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Adding Bevacizumab Improves Response to Oxaliplatin Regimens

Adding Bevacizumab Improves Response to Oxaliplatin Regimens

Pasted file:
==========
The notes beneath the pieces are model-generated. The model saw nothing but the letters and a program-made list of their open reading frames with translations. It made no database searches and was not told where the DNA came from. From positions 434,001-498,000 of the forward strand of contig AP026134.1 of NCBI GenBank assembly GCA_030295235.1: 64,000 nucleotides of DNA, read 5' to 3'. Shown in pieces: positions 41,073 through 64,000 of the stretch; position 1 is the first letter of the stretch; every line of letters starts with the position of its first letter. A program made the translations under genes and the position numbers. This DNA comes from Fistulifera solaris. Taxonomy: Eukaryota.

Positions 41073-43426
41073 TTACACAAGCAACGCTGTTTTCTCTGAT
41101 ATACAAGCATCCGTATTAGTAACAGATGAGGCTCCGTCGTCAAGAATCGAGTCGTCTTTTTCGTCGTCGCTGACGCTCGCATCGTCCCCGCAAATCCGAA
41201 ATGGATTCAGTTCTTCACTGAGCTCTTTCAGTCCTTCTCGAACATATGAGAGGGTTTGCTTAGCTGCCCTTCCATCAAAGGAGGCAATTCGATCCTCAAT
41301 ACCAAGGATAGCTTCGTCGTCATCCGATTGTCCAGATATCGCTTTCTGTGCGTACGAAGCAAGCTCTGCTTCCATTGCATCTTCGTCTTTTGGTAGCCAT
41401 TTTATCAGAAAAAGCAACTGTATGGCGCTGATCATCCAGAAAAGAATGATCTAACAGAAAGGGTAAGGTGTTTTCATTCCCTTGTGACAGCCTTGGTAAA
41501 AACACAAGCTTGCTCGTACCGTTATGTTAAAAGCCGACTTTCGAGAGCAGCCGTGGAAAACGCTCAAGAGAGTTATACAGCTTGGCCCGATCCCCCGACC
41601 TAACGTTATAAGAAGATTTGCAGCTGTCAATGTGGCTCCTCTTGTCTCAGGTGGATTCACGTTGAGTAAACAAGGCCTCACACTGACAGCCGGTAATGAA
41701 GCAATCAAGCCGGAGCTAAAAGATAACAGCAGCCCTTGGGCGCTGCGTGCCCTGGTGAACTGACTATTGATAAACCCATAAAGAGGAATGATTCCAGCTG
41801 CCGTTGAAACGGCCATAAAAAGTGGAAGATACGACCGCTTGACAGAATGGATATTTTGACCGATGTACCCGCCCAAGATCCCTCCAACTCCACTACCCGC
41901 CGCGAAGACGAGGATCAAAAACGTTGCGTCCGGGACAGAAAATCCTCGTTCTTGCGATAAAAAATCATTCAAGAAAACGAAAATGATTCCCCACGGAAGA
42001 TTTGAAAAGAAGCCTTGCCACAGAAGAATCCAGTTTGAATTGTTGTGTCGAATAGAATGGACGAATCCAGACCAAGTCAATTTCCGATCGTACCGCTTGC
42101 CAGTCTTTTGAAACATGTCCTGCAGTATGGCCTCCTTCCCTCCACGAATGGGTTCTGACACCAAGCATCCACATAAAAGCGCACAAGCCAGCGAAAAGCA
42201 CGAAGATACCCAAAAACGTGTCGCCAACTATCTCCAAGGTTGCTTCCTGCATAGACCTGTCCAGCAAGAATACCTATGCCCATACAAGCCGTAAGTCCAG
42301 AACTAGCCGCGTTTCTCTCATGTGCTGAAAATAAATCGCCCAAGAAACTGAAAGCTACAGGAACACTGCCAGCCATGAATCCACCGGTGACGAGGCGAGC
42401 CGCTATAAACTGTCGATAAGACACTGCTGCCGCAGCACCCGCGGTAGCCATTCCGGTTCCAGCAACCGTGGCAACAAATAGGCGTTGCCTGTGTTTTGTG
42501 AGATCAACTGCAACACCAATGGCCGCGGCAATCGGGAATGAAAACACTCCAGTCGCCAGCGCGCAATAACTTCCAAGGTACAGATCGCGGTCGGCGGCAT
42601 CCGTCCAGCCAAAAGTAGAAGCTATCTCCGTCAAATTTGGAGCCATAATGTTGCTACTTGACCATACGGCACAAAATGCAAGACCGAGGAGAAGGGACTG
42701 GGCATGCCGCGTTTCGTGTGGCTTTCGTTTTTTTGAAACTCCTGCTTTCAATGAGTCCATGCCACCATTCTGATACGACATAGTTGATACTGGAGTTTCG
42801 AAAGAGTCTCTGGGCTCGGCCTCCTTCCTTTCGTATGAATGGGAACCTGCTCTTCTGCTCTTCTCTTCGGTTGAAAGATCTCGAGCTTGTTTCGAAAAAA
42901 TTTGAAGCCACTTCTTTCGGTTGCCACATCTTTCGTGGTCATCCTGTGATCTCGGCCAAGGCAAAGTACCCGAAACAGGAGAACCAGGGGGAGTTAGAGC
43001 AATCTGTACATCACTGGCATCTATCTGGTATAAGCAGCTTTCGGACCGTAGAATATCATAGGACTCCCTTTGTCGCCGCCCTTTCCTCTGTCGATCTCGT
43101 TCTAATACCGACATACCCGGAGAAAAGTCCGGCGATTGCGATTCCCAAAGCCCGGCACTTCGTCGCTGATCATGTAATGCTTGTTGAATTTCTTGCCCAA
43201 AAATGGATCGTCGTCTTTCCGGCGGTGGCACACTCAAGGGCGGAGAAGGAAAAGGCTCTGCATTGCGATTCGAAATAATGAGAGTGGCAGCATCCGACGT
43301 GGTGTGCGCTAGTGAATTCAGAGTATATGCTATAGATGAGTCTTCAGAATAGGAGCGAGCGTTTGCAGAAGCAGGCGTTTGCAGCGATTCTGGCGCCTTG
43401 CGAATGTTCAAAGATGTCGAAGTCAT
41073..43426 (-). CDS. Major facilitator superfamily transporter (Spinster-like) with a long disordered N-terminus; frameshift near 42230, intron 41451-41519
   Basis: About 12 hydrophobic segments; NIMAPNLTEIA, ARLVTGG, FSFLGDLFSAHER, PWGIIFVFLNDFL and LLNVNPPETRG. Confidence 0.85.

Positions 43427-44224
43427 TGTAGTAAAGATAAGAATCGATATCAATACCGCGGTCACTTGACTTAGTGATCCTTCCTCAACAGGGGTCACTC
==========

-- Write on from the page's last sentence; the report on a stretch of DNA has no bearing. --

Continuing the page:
HOLLYWOOD, Florida-Preliminary data from the TREE-2 randomized study of first-line regimens for metastatic colorectal cancer show that bevacizumab (Avastin) can be safely added to oxaliplatin (Eloxatin)/ fluoropyrimidine regimens and that the addition significantly improves response rates. Howard S. Hochster, MD, of New York University School of Medicine, reported the early results of TREE-2 at the 2005 Gastrointestinal Cancers Symposium (abstract 241). The TREE-2 study is a continuation of TREE-1, which is a randomized phase II study of three oxaliplatin/ fluoropyrimidines regimens (see Table 1). After publication of studies showing that adding bevacizumab improves survival of patients treated with irinotecan (Camptosar)/5-FU/LV (IFL) by about 35% (N Engl J Med 350:2335- 2342, 2004), the TREE-1 protocol was amended in November 2003 to add bevacizumab to all three regimens. "This randomized, multicenter study is the first to determine the safety and tolerability of oxaliplatin/fluoropyrimidine regimens (bolus, infusional, and oral) in combination with bevacizumab for first-line treatment of metastatic colorectal cancer," Dr. Hochster said. The study enrolled patients with measurable, untreated metastatic colorectal cancer and ECOG performance status of 1 or lower. The primary endpoint was incidence of grade 3-4 toxicities on each arm during the first 12 weeks of therapy. Dr. Hochster reported that 223 patients were accrued between November 2003 and March 2004 in TREE-2, of whom 213 were treated. He reported toxicity data for 71 patients treated with FOLFOX-bevacizumab (FOLFOX- B), 70 treated with bFOL-B, and 72 treated with CapeOx-B. "Addition of bevacizumab to all regimens was well tolerated, and no significant additive toxicities were noted," he said. Dr. Hochster noted that compared with TREE-1, CapeOx tolerability improved on TREE-2 with a lower capecitabine dose of 850 mg/m2 twice daily (vs 1,000 mg/m2 twice daily on TREE- 1), with no decrease in efficacy. Based on a preliminary analysis of response data in the TREE-2 cohort, Dr. Hochster and his colleagues found that FOLFOX-B appears to be more active than bFOL-b, and that FOLFOX- B and CapeOx-B are approximately equivalent in efficacy (see Table 2)

 
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